On a recent jaunt to sexy South Beach to soak up some sun and take in the world-class action at the Sony Open tennis championship, I decided to visit two of the town’s hottest hotels, the Delano South Beach and the Hotel Victor. The former has long reigned as the coolest hotel on the beach, and the latter just reopened after $8 million in renovations, instantly becoming a hit with the in-crowd.
The Delano, which celebrates its 20th anniversary next year, is one of the original boutique properties that spearheaded the revival of South Beach as a luxury destination in the ‘90s. Opened by Ian Schrager, co-owner of the original Studio 54 and founder of the Morgans Hotel Group (which he sold in 2005), it was one of famed French designer Philippe Starck’s first high profile projects in the U.S.
Housed in an Art Deco style building, the Delano, dating back to 1947, is credited by many as the country’s first true urban resort, incorporating all elements of the luxury lifestyle from suites to dining, drinking, spa, fitness center, pool and beach. It became the gold standard for such properties and established a new hospitality category since imitated many times over, though as the saying goes, never duplicated. Credit the pure genius of Starck’s design, which still looks fresh, cool and modern 20 years later after fairly subtle alterations.
Acres of crisp white cotton canvas and linen anchor the Delano’s airy spaces offset by swathes of rich wood and Carrara marble, while Starck’s signature statement pieces from plush leather chairs to quirky rough-hewn tables are artfully placed like actors on a stage, with just a hint of surrealism.
The hotel was renovated in 2011 and designer Tim Andreas of Banjo AD enhanced and updated Starck’s original scheme, adding a few more textures and layers plus pops of bright green inspired by the apples placed in each guest room every day. There is nothing dated about the hotel’s technology; each room features an iPad Concierge, allowing guests direct access to hotel services including in-room dining, housekeeping, valet parking, hotel information and of course, the Internet. Walking into the Delano still feels like arriving at an exclusive club, and there are always plenty of beautiful people on hand. Newer, bigger, and busier hotels have been built and rebuilt on Collins Avenue but none have eroded the Delano’s cachet.
Aside from its 194 rooms and suites including eight bi-level poolside Bungalows, a posh 1,700-square-foot Penthouse Suite and a 1,300-square-foot Apartment, each with its own ocean view balcony, there are plenty of reasons to visit the property. The Delano has two highly-praised restaurants, an underground nightclub, a cocktail lounge, poolside beach bar, private media room, curated lifestyle shop, rooftop wellness retreat and solarium, and a lushly planted orchard. Indoor and outdoor spaces flow seamlessly into one another, extending the concept of easy, chic open-air living that permeates the place. And of course, it also has one of the very best swathes of beach.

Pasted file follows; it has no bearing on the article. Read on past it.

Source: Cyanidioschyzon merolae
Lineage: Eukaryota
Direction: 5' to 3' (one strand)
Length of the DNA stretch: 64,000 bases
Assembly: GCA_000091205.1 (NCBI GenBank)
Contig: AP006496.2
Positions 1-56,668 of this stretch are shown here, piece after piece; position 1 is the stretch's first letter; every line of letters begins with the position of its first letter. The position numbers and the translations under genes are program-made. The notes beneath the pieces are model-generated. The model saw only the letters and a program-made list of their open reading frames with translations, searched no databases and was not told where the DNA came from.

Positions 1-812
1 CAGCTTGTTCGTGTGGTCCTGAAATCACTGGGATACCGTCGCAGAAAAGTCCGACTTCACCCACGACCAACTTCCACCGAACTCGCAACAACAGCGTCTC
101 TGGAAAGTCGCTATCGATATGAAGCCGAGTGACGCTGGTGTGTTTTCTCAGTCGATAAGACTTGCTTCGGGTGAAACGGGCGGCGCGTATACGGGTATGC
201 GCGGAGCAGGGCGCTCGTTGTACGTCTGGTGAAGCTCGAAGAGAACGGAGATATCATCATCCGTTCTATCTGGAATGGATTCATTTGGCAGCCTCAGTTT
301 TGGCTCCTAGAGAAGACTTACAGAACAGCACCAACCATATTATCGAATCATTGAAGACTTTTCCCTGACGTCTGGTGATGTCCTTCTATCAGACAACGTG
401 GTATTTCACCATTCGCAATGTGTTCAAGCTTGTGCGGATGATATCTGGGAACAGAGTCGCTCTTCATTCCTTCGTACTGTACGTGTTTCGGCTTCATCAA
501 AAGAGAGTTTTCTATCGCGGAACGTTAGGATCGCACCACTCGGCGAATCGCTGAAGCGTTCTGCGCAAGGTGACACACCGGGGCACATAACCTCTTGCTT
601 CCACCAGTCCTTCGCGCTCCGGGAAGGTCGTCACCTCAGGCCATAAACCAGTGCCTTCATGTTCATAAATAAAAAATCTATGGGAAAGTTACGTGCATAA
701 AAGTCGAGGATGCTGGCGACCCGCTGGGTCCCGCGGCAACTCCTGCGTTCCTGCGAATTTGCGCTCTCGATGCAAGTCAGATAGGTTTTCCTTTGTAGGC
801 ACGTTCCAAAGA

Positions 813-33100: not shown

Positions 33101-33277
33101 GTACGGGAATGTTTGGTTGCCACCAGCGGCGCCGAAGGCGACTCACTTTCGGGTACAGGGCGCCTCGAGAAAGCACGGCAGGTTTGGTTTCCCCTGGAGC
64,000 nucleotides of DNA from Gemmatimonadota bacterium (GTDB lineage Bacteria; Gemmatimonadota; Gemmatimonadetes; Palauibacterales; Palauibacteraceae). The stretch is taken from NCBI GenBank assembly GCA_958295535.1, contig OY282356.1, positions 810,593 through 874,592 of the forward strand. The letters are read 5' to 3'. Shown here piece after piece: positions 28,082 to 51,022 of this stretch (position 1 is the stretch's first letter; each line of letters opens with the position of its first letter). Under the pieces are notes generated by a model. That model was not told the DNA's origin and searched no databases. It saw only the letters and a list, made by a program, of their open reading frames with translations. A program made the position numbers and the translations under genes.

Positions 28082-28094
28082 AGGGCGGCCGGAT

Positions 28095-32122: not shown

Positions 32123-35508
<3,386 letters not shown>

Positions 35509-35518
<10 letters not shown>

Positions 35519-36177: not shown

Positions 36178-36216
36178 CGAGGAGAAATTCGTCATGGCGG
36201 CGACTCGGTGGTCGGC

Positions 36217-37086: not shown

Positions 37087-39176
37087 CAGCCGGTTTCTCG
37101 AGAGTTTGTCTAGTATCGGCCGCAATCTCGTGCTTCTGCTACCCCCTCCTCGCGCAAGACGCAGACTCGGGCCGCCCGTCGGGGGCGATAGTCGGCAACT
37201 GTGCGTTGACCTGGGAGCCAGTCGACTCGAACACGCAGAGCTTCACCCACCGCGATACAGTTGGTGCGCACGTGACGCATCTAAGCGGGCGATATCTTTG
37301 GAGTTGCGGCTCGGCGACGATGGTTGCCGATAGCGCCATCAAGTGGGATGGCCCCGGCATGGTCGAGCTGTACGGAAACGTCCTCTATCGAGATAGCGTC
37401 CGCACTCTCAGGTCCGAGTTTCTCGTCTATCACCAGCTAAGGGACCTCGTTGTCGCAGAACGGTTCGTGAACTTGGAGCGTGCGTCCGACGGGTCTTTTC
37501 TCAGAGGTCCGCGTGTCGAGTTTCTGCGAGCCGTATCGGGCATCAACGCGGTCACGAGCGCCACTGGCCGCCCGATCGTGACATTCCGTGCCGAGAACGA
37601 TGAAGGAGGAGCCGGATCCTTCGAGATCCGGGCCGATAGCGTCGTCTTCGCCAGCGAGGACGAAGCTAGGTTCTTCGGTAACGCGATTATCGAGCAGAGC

Around the corner on Ocean Drive, the newly revamped Hotel Victor South Beach, though not nearly as large or quite as exclusive as the Delano, also gets its share of accolades. Formerly part of the Thompson Hotels group, it was acquired last year by a company affiliated with New York’s Nakash Family which owns Jordache Enterprises and subsequently purchased the legendary Versace Mansion next door (now also a boutique luxury hotel).
The Nakash group brought in one of the hottest design firms in the hospitality business, Yabu Pushelberg, which also designed The St. Regis Bal Harbour and the Four Seasons in Toronto. Having originally been built in 1937, The Victor was later restored by acclaimed French architect and designer Jacques Garcia, best known for his work on ultra-cool Hotel Costes in Paris.
The Victor has 91 stylish rooms finished in a casually elegant mix of sleek wood, and nubby linen with natural leather details and marble baths. The palette is neutral and soothing, while artwork like prints of skulls with Playboy bunny ears, is quirky and cool. Many have balconies ranged above the elevated outdoor pool which offers a prime people-watching perch above Ocean Drive overlooking the beach and ten new spacious cabanas for indulgent lounging.
Soon to come is a 10,000-square-foot V Spa and Sushi Couture by Mikasa serving up Asian delicacies. Breakfast is served in the BiCE restaurant adjoining the fashionable lobby. There are retro-style bikes available for guests to cruise around South Beach — though we preferred to travel in a Mercedes-Benz SLS AMG GT Roadster.
While the trend in South Beach has been toward ever-flashier properties, the Victor’s brand of laid-back cool is quite refreshing. Without a nightclub of its own the atmosphere is a little more relaxing for guests who don’t have to worry about being elbowed aside in their own lobby by gaggles of inebriated girls in six-inch Louboutins. However its prime location makes it the perfect spot from which to venture forth and explore everything South Beach has to offer, which we did in spades. Closer partnership with its stylish sister property next door will enhance the Victor’s appeal in months to come, but for now it’s a great place to establish a base in what’s easily one of the country’s most fun cities to visit.
Jared Paul Stern
Jared Paul Stern has written for the Wall Street Journal, New York Times, the New York Times' T magazine, GQ, WWD, Vogue, New York magazine, Details, Hamptons magazine, Playboy, BlackBook, the New York Post, Bergdorf Goodman magazine and Luxist among others. The founding editor of the Page Six magazine, he has also served as a judge for everything from the International Best Dressed List to the F...(Read More)